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Complaining about discrimination at work if you're an agency worker

This advice applies to Scotland

The law which says you mustn’t be discriminated against is called the Equality Act 2010. If you’ve been discriminated against at work, you may be able to take action under the Act.

If you're an agency worker it may be difficult to know who you should complain to. It may be that it's best to approach the company you're placed with or it might be better to talk to the employment agency.

Read this page to find out more about who you should complain to if you're an agency worker.

Before you take action about discrimination at work

Before you take action about discrimination at work, you need to:

  • be reasonably sure that unlawful discrimination has taken place, according to the Equality Act 2010
  • check that you’re someone who’s protected against discrimination at work under the Equality Act - if you're an agency worker you're someone who's protected against discrimination.
  • check the time limits for making your claim to the employment tribunal - you have three months less one day from when the discrimination happened to make your claim.

Are you an agency worker?

You're an agency worker if all the following things apply to you:

  • there's a contract between you and an agency
  • you're supplied to another employer or end user by the agency
  • when you're working on a job your work is controlled by the end user
  • you're not self-employed.

Complaining about discrimination

You should try to resolve your problem informally first by talking to someone in a position of authority at your place of work or at the agency - for example, your line manager or the human resources department of the company you're placed with. If this doesn't resolve your problem you can make a formal complaint or you may be able to raise a grievance. But if you're an agency worker, the grievance procedure of the end user probably won’t apply to you.

If your problem isn't resolved by making a complaint, you can make a discrimination claim in the employment tribunal.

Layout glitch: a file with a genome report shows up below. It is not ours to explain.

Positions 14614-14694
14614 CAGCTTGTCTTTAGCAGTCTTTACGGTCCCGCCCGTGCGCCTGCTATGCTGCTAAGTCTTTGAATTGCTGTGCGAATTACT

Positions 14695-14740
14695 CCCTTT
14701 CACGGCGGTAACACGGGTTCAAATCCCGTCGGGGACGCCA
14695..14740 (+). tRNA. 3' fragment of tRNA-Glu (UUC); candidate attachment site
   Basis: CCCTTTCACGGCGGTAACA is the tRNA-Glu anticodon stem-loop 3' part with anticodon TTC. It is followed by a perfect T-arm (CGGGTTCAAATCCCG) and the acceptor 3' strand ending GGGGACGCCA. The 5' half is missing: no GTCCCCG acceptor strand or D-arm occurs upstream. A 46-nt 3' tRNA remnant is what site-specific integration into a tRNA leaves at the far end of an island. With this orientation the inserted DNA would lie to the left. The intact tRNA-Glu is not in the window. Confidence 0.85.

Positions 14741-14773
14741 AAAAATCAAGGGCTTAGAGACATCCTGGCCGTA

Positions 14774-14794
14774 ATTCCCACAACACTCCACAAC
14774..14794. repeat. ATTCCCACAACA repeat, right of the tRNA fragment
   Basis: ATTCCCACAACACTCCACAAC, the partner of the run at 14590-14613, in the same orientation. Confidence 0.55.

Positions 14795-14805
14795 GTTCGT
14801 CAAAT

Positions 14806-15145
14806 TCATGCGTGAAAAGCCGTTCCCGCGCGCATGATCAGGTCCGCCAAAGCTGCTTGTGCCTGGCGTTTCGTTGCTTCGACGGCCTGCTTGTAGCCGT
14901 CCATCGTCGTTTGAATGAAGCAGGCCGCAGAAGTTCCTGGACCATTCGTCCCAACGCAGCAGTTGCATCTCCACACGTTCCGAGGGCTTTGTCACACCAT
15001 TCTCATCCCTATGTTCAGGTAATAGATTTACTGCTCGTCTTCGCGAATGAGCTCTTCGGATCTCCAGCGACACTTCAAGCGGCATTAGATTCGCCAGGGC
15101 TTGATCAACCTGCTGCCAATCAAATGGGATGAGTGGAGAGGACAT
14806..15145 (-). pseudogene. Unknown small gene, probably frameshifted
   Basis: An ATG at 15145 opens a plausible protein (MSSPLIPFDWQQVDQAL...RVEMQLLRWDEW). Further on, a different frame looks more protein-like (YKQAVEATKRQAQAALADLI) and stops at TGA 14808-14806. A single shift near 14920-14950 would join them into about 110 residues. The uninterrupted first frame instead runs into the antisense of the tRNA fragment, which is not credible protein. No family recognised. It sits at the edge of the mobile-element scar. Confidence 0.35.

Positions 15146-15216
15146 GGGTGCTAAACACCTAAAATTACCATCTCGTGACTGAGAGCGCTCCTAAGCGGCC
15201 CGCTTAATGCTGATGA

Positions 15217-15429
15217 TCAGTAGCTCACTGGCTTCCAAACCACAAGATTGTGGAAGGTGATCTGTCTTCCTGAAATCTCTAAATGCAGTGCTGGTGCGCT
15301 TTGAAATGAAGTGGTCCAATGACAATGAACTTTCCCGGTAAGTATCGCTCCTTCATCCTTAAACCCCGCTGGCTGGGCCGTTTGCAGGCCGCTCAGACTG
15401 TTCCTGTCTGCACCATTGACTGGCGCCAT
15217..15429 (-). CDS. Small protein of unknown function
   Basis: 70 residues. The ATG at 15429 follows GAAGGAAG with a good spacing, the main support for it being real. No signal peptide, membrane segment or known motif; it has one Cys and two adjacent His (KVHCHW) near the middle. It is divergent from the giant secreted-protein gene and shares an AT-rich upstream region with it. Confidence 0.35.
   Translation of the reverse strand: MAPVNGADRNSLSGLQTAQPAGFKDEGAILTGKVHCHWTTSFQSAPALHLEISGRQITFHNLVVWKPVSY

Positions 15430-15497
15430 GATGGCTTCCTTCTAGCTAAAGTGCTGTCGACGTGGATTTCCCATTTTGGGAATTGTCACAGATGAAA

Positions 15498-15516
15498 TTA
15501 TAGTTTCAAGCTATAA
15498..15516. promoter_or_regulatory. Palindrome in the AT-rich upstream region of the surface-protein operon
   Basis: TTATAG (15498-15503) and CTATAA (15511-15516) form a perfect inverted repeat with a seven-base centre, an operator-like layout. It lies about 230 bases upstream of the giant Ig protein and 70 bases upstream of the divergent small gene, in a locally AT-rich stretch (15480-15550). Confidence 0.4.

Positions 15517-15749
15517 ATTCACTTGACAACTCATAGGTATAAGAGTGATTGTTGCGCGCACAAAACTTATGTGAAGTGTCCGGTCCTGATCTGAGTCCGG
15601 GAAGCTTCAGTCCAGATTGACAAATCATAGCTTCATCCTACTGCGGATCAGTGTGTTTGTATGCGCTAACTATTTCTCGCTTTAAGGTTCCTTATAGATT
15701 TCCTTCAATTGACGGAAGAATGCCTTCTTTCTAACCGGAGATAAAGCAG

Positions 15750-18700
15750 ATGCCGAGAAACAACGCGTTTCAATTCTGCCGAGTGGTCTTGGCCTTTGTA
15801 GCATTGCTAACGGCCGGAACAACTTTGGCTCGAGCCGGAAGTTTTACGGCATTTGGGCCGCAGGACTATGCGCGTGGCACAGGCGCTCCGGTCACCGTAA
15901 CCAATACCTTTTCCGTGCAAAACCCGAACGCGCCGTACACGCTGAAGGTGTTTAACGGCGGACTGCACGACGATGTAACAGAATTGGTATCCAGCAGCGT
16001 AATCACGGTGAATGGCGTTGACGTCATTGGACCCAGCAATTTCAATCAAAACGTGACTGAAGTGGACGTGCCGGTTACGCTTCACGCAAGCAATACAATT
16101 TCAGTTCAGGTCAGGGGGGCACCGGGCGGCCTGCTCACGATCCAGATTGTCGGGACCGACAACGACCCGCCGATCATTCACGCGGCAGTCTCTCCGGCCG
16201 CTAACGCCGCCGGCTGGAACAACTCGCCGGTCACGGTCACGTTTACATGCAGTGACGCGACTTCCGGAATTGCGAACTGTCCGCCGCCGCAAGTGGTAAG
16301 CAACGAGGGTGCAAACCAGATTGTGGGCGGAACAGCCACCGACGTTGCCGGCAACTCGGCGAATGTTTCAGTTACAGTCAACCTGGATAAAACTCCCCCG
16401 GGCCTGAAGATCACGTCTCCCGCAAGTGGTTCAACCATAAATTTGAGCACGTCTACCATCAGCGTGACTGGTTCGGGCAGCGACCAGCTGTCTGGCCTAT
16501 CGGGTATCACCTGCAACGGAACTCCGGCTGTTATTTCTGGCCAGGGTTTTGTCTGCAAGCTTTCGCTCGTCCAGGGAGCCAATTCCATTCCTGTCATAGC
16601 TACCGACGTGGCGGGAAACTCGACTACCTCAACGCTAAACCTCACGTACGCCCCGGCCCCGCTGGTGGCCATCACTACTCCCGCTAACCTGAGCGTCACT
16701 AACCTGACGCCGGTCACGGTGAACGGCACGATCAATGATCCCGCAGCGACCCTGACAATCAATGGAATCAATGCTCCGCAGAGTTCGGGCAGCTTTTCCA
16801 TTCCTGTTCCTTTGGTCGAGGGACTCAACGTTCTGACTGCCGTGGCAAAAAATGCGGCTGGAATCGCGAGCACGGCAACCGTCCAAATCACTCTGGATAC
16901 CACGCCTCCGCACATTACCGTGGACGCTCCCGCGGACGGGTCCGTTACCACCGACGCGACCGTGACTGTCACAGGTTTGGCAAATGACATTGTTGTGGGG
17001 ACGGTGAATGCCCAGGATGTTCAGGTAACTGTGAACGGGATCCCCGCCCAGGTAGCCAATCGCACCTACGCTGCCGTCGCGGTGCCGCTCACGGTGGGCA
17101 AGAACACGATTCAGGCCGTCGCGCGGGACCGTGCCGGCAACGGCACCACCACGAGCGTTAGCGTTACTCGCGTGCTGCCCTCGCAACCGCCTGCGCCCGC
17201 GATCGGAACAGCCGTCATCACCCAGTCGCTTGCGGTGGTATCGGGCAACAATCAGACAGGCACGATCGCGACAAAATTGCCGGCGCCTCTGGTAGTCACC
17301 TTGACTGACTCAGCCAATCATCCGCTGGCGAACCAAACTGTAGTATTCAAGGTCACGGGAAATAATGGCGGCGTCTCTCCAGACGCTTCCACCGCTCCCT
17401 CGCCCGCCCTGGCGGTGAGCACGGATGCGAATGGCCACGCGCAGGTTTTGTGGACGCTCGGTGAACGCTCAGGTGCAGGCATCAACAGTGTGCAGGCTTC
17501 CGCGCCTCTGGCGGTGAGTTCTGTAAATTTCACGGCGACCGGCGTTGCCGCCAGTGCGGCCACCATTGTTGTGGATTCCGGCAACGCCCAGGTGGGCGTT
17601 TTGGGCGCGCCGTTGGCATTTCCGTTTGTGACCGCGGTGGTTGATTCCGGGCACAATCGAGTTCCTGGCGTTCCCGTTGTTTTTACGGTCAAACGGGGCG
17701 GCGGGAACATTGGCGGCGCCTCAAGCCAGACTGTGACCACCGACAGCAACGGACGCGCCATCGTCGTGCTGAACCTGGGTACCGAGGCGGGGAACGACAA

Who should you complain to?

Deciding whether to make a complaint to the employment agency or the end user depends on a number of things:

  • what kind of discrimination it is - for example, if you're sexually harassed by an employee of the end user, it would probably be better to raise it with the end user. If you need to change your hours of work because you're pregnant, or you have a disability, it might be better to raise it with the agency.
  • if you're discriminated against by another worker from the same agency who's been placed with the same end user, it would be better to raise it with the agency
  • think about who's going to be able to resolve the discrimination you're facing - the agency or the end user?
  • is it the agency which is discriminating against you - for example, by giving you fewer hours because you're pregnant?

Ask the agency for advice or support

If you're experiencing discrimination when placed with an end user, you can ask the agency for support or advice before making a complaint to the end user. In any case, it's best to inform the agency that you're intending to complain, as an agency might be concerned about its relationship with the end user.

However, the agency has a duty to protect you from discrimination and not to aid the end user if it's discriminating against you. The agency would also be discriminating against you if it victimised you, by treating you badly because you had raised a complaint about discrimination. If the agency knowingly helps the end user discriminate against you, they're acting unlawfully under the Equality Act and you could make a discrimination claim against the agency as well as the end user.

Example

You work for a company that packs lettuce for supermarkets. The company finds out that you’re pregnant and tells the agency that they don’t want you to be assigned to them any more, for that reason. The agency agrees to remove you from the assignment and stops offering you work. In this case you could complain to the agency as well as to the supermarket about the discrimination, as the agency has helped the supermarket discriminate against you.

Next steps

Other useful information

Equality Advisory Support Service (EASS)

If you have experienced discrimination, you can get help from the EASS discrimination helpline.

Equality and Human Rights Commission (EHRC)

You can find useful information about discrimination on the EHRC website.

Acas

Acas (Advisory, Conciliation and Arbitration Service) provides free and impartial information and advice on all aspects of workplace relations and employment law.

To talk to an adviser about your employment problem, call the Acas helpline on 0300 123 1100.

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